Not a very easy one, but I was considering using the D2XX driver anyway (at leat to test). –  Simon Nov 6 '12 at 13:13
    
A likely suspect where the RS485 enable is concerned would be improper timing of that signal relative to the data, for example the data being disabled before the end of a character. This could happen on some computers but work fine on others, if the scheme for controlling it makes unsafe assumptions about the timing of operations on the USB bus. Increasing the delay before deactivating the driver (or even waiting until you have received it) might be a fix, if you can tolerate a long bus turn around time. But a custom serial converter made from a USB micro would manage the enable best. –  Chris Stratton Nov 28 '12 at 21:06

Maybe a power quality problem? The chips in adapters like that are usually powered by the PC.

You could use a usb analyzer (software or hardware) to rule out software or driver issues.

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Thanks for your hint. Any suggestions for an Win-based test tool? –  Simon Nov 8 '12 at 7:24
    
I now suspect a power issue, because the cable needs 300mA and at that specific laptop serveral other internal devices are connected to one internal hub, so this exceeds 500mA. I will test that next week with an externally powered USB hub. –  Simon Nov 8 '12 at 9:06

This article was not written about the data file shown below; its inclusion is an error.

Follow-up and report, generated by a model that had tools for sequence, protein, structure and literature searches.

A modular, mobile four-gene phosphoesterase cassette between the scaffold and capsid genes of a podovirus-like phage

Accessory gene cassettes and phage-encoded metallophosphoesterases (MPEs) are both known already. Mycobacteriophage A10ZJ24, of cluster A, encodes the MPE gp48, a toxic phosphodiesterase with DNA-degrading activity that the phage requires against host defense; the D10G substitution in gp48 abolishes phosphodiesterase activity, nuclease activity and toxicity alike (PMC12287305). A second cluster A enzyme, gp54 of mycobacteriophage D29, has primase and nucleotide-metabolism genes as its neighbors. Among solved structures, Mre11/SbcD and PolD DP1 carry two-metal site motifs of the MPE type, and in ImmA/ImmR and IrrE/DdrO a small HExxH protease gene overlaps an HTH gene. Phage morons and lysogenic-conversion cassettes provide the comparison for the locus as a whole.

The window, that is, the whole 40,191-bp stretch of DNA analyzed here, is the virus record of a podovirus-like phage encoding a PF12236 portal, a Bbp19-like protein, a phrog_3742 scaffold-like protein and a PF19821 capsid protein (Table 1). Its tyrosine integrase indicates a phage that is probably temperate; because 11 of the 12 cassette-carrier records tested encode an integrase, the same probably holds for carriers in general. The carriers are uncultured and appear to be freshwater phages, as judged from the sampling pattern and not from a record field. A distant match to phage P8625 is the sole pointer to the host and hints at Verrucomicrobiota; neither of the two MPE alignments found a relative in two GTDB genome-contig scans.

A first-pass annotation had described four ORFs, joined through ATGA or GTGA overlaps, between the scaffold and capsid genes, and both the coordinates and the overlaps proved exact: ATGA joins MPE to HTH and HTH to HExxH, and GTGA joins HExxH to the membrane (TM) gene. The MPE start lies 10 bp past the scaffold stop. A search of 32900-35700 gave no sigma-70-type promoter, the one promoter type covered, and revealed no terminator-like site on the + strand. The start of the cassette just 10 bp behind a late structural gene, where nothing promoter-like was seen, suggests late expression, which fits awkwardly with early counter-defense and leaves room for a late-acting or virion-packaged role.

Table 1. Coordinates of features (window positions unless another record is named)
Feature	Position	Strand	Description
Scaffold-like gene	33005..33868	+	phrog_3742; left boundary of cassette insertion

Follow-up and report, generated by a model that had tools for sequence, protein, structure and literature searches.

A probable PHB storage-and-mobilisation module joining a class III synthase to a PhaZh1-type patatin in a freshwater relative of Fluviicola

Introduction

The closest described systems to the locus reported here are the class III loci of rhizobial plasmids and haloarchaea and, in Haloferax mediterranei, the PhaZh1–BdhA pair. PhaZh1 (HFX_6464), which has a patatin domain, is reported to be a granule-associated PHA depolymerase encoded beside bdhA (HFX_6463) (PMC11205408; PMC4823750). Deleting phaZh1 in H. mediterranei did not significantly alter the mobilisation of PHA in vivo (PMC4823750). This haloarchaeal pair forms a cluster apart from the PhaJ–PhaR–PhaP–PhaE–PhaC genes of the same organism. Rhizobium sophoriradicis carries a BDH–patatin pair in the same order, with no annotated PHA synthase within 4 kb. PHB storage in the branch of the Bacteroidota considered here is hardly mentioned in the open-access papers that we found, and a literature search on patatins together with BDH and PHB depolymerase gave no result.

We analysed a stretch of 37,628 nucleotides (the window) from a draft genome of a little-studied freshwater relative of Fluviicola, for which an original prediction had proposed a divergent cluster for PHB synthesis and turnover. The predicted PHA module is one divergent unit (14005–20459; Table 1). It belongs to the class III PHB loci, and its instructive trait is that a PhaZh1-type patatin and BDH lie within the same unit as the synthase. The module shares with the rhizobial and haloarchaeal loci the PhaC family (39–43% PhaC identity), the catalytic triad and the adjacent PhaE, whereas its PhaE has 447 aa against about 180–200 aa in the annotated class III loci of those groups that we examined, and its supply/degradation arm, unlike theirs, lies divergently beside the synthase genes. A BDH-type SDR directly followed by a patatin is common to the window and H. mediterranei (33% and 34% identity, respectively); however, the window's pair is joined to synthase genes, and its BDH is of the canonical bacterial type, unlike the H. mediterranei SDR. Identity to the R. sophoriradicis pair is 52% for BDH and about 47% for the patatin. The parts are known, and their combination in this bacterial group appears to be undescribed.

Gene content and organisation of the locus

1  
For Windows software bus analyzers, try USB Snoopy or the newer Usb Sniffer. In Linux, Wireshark will work. –  Jim Paris Nov 8 '12 at 17:17
    
Seems not a power issue, see edited question –  Simon Nov 22 '12 at 9:13
up vote 1 down vote accepted

We did some more testing on different laptops (sorry for the formatting, I didn't figure out how to format a table here):

Laptop Type | Processor | Serial Comms

DELL Precision M6300 | Intel Centrino | OK

HP EliteBook 6930p | Intel Centrino | OK

Panasonic Toughbook CF-18 | Intel Centrino | OK

Roda Rocky RK9 | Intel Core 2 | OK

Fujitsu Lifebook S Series | Intel Core i5 | FAIL (even on USB3-ports)

Sony Vario | Intel Core i5 | FAIL

HP | Intel Core i5 | FAIL (even on USB3-ports)

So it seems that laptops with USB chipsets for Intel i-processors don't work, older ones work.

However, I bought a USB-ExpressCard (sorry, German webshop) with Renesas USB 3.0 chipset and with that the Fujitsu laptop worked just fine.

So using ExpressCards is a workaround for us, but I still don't know what the exact problem is. FTDI support seemed to be unaware of that issue.